Warhammer 40,000: Regicide – What We Think
Hammerfall Games launches the classic game of chess into a violent future realm peppered with a constant rain of automatic weapon fire. Unit movement rules still apply, though each piece also has access to ranged attacks, buffs and debuffs, adding a layer to the classic board game. These new skills depend entirely on luck, which is sure to rankle chess purists and may even put off a few Warhammer 40k fans.
To put it succinctly, Regicide is Battle Chess with the pieces being represented by units from the Warhammer 40K universe. All moves are animated on screen, and capture maneuvers result in glorious and bloody kill sequences. Visually, the game packs a lot of punch, though the animations get repetitive quickly.
Should You Choose to Accept It
Though the main premise is a chess-esque game featuring Warhammer 40k properties, there is also a robust single player campaign mode. With over 50 missions, players can embark on a story driven quest to disrupt the efforts of the Orc armies. Each mission involves a selection of chess pieces and an objective that must be met. There are also bonus conditions to be met that can help to gain additional experience points.
The intro to each level is set up with a narrative voiced by the higher ranking soldiers. The delivery is excellent, and the over-the-top machismo of the soldiers really paints a picture of an adrenaline-filled battlefield that is one explosive skirmish after another.
Just having a few pieces on the board for a mission adds some unfortunate complications. Because the pieces can only move according to the rules of chess, I found I would get into a stalemate very often. For an example, my pawn-types would frequently be past my targets, and as they can’t move backwards, I would fail the level and have to start again.
Hassle His Castle
As stated previously, Regicide adds an action phase to the classic chess formula. After moving one piece in the movement phase, units within firing range of enemy pieces can crack off a few rounds, thereby softening up, or even downing a foe outside of a classic capture move. Each unit type has access to a handful of specialized abilities, and more can be obtained as units gain experience levels.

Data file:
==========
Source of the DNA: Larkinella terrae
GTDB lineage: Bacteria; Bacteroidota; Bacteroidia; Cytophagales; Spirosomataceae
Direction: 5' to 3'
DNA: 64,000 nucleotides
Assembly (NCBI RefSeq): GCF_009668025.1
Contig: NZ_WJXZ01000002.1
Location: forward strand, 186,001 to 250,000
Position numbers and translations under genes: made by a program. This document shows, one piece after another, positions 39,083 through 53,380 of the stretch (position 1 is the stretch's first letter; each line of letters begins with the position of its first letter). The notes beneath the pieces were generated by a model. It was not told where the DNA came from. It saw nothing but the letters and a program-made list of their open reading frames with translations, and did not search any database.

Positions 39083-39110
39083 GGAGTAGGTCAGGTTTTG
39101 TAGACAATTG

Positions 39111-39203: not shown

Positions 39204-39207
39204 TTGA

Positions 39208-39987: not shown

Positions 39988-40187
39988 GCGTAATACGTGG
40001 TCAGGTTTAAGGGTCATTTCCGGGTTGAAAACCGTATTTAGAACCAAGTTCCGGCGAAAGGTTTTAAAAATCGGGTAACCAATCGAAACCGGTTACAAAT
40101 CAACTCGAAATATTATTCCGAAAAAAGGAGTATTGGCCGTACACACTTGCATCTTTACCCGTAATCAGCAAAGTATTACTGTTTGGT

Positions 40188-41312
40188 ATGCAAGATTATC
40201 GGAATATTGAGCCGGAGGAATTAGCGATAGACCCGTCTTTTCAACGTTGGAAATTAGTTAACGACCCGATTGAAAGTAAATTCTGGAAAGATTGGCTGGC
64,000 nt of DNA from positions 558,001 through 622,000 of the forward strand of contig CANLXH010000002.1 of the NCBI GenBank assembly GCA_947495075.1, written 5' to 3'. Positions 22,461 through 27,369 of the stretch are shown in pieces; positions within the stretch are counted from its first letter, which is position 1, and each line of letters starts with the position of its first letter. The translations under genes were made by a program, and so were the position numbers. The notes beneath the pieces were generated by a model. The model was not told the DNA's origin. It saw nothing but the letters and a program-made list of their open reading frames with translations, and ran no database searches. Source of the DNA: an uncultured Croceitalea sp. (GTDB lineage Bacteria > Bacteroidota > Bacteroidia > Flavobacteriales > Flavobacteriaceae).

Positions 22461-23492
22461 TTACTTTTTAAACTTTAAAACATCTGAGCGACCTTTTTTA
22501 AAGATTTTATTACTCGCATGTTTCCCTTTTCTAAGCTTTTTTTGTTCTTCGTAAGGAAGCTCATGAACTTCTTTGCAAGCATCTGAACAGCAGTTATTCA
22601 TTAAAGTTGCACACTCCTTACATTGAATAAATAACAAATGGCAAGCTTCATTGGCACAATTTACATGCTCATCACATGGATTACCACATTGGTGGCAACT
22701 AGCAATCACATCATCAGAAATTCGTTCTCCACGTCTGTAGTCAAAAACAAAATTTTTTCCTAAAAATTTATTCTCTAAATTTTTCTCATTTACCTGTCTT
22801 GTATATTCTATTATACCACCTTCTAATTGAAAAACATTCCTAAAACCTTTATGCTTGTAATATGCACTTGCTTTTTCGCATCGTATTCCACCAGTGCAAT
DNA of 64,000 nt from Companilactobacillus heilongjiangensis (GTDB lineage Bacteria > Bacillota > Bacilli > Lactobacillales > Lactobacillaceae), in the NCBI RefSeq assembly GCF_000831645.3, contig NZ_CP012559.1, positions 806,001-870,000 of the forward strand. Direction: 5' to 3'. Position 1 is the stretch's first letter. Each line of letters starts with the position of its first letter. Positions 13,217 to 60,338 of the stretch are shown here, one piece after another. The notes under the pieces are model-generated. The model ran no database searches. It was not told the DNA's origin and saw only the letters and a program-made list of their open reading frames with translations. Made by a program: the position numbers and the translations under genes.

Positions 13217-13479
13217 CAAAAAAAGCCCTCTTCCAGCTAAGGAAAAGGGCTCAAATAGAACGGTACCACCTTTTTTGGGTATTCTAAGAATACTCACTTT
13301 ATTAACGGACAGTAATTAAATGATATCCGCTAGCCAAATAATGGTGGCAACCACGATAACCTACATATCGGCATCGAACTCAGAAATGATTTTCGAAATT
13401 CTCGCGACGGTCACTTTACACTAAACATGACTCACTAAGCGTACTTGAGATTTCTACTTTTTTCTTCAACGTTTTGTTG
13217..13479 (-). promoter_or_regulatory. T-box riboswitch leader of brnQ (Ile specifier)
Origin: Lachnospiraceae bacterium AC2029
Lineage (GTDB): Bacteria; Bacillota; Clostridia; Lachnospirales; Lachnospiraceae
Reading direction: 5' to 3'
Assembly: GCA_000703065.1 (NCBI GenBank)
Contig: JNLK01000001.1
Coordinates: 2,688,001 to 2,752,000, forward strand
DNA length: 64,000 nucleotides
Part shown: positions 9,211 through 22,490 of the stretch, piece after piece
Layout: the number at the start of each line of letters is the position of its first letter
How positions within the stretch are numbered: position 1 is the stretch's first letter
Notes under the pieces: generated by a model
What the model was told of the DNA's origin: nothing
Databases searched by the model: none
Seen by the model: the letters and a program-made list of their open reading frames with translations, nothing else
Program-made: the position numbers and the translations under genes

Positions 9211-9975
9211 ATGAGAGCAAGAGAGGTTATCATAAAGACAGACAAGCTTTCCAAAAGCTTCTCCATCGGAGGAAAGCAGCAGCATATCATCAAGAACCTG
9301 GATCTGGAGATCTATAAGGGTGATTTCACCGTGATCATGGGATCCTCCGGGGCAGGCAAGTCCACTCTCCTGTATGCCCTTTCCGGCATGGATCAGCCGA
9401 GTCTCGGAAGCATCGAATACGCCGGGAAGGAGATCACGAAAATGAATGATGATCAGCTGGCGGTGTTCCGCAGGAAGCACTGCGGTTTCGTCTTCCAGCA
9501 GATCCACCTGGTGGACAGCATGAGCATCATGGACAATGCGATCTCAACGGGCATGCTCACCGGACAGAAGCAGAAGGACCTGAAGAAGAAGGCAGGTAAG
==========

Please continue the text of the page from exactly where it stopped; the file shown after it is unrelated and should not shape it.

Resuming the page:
While these moves add extra chances to do damage, the outcome depends entirely on a hidden dice roll. Even if your space marines are positioned perfectly behind an orc, an attack can miss entirely, spending the required initiative points for nothing.
This luck aspect greatly takes away from the strategic elements of classic chess. As soon as any pieces are within range of the other side, there is the potential for them to be cut down by a hail of projectiles, and from more than one target. It can’t be used strategically, given the chance for failure, so every move becomes a gamble for both sides. Players looking for a more strategic chess experience can opt to play with only captures enabled.
And the Tough Guys Tumble
While Warhammer 40K: Regicide puts an interesting spin on chess, the modifications take the game to a new level, and that isn’t entirely a good thing. The loose strategic value of ranged assaults has too much potential to make for undue frustration. A game played by classic rules still makes for an engaging experience, and fans of Warhammer 40K will no doubt love the visceral action sequences.
Watch the trailer for Warhammer 40,000: Regicide below: